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Study: Pesticide May Reduce Fertility

Pesticide may reduce fertility, says study

Insecticides May Be Linked in Some Degree to Male Infertility
Date Published: January 12, 2006
Source: Newsinferno News Staff

(read the full study here)

Male infertility is a complex problem with numerous possible causes. Sometimes the cause is related to a single reason and other times it may be associated with a combination of factors. A new study now suggests that exposure to non-persistent, or short-lasting, insecticides may be one of those factors.

According to a statement made to Reuters Health by Dr. John D. Meeker, of the University of Michigan, Ann Arbor, and lead author of the study: "Environmental exposure to chlorpyrifos or its metabolite (TCPY) may be associated with reduced levels of circulating testosterone in adult men. A decline in testosterone throughout a population could potentially lead to adverse reproductive health outcomes."

Previously, a commonly used household insecticide, the Environmental Protection Agency (EPA) restricted the use of chlorpyrifos use in homes in 2000 after research revealed it can be harmful to the central nervous system.

Despite the EPA restrictions, however, there is evidence that individuals are still being exposed to the toxin. In fact, the Second National Report on Human Exposure to Environmental Chemicals found that over 90% of U.S. men had detectable levels TCPY in their urine.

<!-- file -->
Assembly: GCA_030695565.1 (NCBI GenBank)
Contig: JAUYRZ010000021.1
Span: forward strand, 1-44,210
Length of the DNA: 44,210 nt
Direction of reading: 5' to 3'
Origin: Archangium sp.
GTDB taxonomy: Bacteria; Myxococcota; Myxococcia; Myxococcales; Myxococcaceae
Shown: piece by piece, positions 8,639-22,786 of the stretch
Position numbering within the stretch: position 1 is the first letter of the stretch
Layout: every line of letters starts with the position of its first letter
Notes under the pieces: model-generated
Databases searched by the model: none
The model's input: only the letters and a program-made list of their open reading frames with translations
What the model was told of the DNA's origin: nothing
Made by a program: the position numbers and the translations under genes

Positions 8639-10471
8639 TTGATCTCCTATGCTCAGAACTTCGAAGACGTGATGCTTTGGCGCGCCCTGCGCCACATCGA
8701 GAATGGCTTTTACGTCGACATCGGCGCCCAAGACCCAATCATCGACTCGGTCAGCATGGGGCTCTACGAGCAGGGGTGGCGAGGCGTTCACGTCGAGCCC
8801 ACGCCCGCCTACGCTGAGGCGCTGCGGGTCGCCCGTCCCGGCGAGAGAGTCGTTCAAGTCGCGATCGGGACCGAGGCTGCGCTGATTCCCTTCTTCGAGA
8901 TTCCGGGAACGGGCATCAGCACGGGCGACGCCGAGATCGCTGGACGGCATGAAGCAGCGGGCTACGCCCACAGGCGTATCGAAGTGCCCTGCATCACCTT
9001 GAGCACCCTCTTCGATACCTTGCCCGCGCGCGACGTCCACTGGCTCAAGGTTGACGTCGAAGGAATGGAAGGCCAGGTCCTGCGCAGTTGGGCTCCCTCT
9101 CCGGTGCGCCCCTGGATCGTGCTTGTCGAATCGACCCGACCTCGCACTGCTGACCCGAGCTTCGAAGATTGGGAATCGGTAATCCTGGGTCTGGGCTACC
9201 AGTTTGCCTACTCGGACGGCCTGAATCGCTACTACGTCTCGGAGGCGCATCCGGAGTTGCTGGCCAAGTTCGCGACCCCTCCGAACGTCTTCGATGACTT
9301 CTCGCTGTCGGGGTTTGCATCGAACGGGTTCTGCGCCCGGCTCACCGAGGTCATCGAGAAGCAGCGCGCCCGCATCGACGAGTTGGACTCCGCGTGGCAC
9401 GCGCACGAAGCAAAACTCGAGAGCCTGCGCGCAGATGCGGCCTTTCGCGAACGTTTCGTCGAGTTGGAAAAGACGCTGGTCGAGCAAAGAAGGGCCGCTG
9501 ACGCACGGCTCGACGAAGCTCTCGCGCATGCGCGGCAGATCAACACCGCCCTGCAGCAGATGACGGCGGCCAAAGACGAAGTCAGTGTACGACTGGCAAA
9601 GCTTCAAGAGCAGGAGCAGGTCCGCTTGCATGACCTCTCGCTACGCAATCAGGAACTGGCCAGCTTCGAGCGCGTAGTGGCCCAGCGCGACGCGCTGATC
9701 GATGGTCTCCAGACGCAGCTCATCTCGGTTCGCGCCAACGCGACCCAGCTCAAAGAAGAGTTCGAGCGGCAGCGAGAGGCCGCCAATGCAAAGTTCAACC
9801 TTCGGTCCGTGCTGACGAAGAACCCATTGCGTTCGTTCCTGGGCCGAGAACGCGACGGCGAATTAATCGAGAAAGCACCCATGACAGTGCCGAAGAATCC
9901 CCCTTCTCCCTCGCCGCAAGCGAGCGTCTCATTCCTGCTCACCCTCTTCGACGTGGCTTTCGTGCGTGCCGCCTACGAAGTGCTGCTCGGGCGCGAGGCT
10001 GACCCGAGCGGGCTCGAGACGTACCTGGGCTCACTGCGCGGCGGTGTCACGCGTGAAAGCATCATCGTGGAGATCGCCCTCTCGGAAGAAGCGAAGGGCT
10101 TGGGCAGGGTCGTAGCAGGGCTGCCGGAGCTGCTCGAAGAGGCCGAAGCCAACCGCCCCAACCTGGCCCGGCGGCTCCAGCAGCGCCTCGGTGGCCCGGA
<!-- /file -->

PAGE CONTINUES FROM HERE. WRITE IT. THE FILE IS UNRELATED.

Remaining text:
A previous report by Dr. .Meeker and colleagues found that higher levels of 1-naphthol (1N) in men's urine are linked to decreased sperm count and increased DNA damage in sperm cells.

1N is a breakdown product of the compound naphthalene, found in cigarette smoke, diesel fuel and other combustion byproducts, and carbaryl, a lawn and garden insecticide known as Sevin.

Dr. Meeker and researchers from the Harvard School of Public Health and the Centers for Disease Control and Prevention (CDC) in Atlanta looked at the link between TCPY and 1N, and reproductive hormone levels in 268 men from an infertility clinic between 2000 and 2003.

According to the report published in the journal Epidemiology, men with higher urine levels of TCPY and 1N had lower levels of the sex hormone testosterone. Testosterone levels decreased along with increasing levels of TCPY, revealing that the association with TCPY was dose-dependent.

The report also noted that higher TCPY levels were also associated with a decreased free androgen index, an indication of lower testosterone concentrations.

Dr. Meeker noted that: "Although the decrements in testosterone related to TCPY were relatively small they may be of public health concern because of widespread human exposure among men.” He added that: "This is the first human evidence of an association between chlorpyrifos or its metabolite (TCPY) and testosterone levels, so other studies would be needed to substantiate our findings."